Evangelization has become a popular topic in recent decades. This is largely the result of the continuing decline in church attendance by Catholics and members of other organized religions. Evangelization has become a particularly difficult issue for Catholics. The majority of Catholics see a great need to engage in evangelization and, at the same time, the majority feel ill-suited to the task.
The discomfort that many Catholics feel over the prospects of engaging personally in evangelization has spawned numerous programs and projects aimed at preparing Catholics to take on this necessary activity of believers. All of the trainings and programs, however, have made no measurable difference. The rate of religious practice in this country continues to decline. I have to question, therefore, whether we’re approaching the issue from the correct perspective.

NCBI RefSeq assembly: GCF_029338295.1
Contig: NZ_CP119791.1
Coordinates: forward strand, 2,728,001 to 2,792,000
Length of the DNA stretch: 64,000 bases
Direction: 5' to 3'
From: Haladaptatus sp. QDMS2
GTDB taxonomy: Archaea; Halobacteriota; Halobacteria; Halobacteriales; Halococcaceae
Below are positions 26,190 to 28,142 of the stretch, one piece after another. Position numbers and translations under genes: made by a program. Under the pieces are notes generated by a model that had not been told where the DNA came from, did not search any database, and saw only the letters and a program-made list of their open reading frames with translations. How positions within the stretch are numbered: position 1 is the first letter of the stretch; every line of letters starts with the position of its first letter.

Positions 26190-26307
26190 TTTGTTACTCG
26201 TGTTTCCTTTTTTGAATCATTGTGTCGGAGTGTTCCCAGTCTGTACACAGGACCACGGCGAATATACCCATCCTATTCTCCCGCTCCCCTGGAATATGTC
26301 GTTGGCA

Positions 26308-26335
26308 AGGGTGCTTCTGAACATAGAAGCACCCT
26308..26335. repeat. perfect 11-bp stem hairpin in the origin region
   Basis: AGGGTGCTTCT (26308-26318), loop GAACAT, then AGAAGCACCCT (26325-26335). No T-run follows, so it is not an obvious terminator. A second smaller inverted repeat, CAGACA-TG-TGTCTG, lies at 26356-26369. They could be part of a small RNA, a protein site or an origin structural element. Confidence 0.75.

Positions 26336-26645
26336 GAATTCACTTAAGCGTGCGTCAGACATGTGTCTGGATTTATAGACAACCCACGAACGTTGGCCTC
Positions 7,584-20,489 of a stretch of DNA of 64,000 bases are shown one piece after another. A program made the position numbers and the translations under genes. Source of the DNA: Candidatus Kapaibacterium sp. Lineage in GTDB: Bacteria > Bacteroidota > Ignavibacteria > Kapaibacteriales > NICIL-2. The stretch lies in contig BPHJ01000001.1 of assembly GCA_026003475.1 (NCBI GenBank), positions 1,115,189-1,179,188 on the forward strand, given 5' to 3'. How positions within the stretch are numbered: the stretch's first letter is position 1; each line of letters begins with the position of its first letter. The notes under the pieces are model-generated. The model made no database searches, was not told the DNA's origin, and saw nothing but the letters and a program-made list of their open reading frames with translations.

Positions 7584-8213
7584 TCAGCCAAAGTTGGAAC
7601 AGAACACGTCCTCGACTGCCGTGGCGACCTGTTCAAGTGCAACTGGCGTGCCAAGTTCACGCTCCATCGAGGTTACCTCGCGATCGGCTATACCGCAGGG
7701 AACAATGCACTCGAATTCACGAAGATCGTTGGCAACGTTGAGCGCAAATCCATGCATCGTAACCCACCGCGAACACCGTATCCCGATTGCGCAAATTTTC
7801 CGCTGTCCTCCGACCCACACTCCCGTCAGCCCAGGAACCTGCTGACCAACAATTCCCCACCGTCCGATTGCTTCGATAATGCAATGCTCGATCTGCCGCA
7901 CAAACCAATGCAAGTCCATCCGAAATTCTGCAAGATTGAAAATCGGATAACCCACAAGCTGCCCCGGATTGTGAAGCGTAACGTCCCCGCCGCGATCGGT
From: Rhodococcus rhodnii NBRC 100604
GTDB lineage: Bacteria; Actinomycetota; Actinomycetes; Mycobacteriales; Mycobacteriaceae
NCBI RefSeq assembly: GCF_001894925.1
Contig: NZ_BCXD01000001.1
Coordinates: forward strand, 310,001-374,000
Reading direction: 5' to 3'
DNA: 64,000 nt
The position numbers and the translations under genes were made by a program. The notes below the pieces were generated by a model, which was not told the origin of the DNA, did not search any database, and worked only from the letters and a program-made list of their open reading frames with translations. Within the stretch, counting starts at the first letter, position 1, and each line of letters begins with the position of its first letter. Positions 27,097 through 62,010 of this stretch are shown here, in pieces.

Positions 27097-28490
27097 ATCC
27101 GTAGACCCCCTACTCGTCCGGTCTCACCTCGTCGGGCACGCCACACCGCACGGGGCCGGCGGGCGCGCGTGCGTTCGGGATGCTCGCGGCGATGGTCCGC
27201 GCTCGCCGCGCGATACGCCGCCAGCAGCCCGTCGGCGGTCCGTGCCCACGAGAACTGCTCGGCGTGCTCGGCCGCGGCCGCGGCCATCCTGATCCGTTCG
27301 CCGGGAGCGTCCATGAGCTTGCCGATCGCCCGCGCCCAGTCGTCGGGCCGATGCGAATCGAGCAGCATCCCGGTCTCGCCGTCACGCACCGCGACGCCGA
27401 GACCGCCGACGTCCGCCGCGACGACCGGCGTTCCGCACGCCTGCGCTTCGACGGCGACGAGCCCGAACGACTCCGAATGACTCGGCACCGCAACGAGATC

The apostles and their converts had no formal training in evangelization techniques, but they seem to have been quite successful at it. The first generations of believers had no creeds or catechisms, but they were very effective at announcing the message of Jesus’ resurrection. We, on the other hand, are spoiled for choice when it comes to evangelization techniques and cognitive content, yet we don’t seem to be having great success.
The Scriptures say that the first preachers of the Gospel, and the first generation of believers, had a strong and contagious faith. The Scriptures also put a strong emphasis on communal unity among believers. Perhaps what is missing from our contemporary efforts is what the Apostolic Church had in abundance: ecclesial unity.